He quickly collects his little guys, you know, the tiny little people he must carry everywhere we go. He turns, his long hair matted to the sides of his face, wet from swimming in the pool. He tentatively walks towards the multiple sprinklers shooting water from the ground. And then in an instant, he sits on top of one, water spraying around him, and he smiles a big, accomplished, goofy smile. I too have a huge grin, watching as my son discovers his surroundings while having a great time and I find myself looking around the pool, wondering, “did anyone else just see how awesome my son is?” I spot the random dad across the pool smiling at my son and I sigh in relief – PHEW! Someone else saw his cuteness.
You know, you’ve been there too – Your child eats his first ice cream cone and he has a little ice cream mustache — You think it’s the cutest thing you’ve ever seen in your whole entire life – doesn’t everyone? Or when your infant babbles and flashes a cute, shy smile – doesn’t everyone think she’s amazing? Or when your preschooler orders dinner himself at a restaurant – doesn’t everyone in the vicinity think he’s just the smartest? The scenarios are endless…
At the beach, I found myself in the “laughee” side of the equation. A father was playing with his toddler daughter and she twirled in the sand. He smiled and looked around hoping someone else bore witness to his daughter’s adorable twirling. He caught my eye and saw that I was smiling at his daughter and his face lit up even more. He was relieved someone else saw it and someone else thought his daughter was great.
In that moment, I wondered, as parents, are we constantly looking through rose-colored glasses when it comes to our children? Is it normal that we search for validation that our children are fantastic? Does that feeling ever go away? I doubt it. We spend tons of time as a collective society sharing photos of our children doing “adorable” things on Facebook and Instagram, awaiting LIKES or Smiley Faces like our lives depend on it. And there’s nothing wrong with that… In all of our mind’s – our children are truly the cutest beings to walk the planet – whether anyone else thinks so or not, yet we still feel the need to search for that validation in a crowd, in a restaurant, on social media.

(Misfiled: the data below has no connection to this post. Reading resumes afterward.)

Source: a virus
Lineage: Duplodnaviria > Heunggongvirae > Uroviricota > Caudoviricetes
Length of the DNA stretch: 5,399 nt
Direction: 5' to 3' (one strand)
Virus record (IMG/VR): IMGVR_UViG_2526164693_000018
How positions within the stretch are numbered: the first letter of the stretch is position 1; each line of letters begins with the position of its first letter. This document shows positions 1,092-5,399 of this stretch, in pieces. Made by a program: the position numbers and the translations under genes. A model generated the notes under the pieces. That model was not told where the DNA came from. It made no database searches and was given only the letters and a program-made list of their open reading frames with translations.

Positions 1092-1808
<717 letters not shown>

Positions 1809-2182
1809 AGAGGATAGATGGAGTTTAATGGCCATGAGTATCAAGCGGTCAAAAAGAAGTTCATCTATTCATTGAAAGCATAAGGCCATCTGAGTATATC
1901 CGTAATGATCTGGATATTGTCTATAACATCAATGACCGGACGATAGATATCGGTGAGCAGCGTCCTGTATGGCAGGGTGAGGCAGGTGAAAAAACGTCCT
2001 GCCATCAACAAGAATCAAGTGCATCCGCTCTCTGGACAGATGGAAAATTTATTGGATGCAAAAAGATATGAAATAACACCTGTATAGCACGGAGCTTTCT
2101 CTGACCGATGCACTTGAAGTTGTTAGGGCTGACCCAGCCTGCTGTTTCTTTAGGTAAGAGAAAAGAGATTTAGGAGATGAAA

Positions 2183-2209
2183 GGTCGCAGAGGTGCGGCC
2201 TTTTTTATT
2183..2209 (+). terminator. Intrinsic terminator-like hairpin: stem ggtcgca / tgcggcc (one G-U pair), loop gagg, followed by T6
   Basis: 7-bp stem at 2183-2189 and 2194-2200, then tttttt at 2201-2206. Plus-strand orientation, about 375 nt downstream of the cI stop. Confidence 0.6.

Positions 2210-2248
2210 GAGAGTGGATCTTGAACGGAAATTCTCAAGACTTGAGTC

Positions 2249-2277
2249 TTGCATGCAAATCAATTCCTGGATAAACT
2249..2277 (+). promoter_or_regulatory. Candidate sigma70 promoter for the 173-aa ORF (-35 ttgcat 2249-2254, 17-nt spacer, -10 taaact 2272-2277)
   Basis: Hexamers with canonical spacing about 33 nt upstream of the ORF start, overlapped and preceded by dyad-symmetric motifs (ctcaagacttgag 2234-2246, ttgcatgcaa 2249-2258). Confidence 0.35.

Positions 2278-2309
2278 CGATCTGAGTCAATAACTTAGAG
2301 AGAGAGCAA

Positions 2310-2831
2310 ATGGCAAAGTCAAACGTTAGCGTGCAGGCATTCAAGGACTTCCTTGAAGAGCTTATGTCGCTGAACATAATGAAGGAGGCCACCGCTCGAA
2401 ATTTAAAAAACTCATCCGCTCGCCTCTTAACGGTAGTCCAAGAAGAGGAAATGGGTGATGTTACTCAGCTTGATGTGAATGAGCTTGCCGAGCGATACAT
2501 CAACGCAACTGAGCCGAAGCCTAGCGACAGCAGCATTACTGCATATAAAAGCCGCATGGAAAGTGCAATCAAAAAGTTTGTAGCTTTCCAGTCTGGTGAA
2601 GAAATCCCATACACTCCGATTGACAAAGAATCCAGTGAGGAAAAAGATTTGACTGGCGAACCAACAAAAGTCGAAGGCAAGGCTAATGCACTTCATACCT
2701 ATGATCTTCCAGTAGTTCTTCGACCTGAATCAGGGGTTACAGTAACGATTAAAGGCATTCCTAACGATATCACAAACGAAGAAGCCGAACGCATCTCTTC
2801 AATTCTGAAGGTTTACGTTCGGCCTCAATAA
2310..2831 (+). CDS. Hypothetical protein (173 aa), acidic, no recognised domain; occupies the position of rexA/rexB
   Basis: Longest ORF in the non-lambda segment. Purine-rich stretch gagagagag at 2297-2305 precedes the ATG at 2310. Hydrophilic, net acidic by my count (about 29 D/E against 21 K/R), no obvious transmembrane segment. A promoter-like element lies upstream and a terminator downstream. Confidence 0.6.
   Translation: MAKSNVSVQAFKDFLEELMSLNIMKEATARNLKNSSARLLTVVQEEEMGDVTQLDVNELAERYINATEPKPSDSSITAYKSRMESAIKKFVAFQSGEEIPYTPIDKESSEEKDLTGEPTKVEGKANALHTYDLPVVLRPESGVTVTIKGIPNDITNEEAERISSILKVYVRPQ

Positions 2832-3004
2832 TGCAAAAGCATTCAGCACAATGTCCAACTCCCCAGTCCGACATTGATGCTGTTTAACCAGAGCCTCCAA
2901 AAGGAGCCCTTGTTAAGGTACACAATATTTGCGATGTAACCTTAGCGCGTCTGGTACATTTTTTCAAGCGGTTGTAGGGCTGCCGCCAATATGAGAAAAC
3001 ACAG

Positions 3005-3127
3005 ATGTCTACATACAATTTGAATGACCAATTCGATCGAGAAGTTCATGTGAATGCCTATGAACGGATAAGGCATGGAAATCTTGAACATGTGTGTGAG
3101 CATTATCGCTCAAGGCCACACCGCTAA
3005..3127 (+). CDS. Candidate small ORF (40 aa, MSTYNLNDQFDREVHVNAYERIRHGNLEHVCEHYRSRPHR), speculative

The cycle doesn’t end with being parents of young children. It certainly continues into young adulthood and adulthood as children score the game winning point, graduate high school, get a master degree, get a job, get married, have babies — All of these moments are monumental (but not always to everyone else!) And it continues on with grandparents and great-grandparents too. My mother and my aunt constantly show off pictures of my kids and share stories about their funny happenings. My grandma proudly walks my kids around her office, showing everyone she works with just how great they are (she did this with me and my cousins and my little brother when we were kids too).
It’s in these moments that we can pat ourselves on the back and be proud of our children. And we teach them to be proud of themselves too.
And I wonder, are we truly searching for validation of our kids being outrageous and funny and smart and and and or are we merely hopeful that someone, anyone, will bear witness to the great moments in the lives of our children in hopes that they too can help keep our children young and amazing forever through stories and shared experiences. Thoughts?
So with all of that said, don’t you just think my boys are adorable and amazing and absolutely awesome?! HAHA!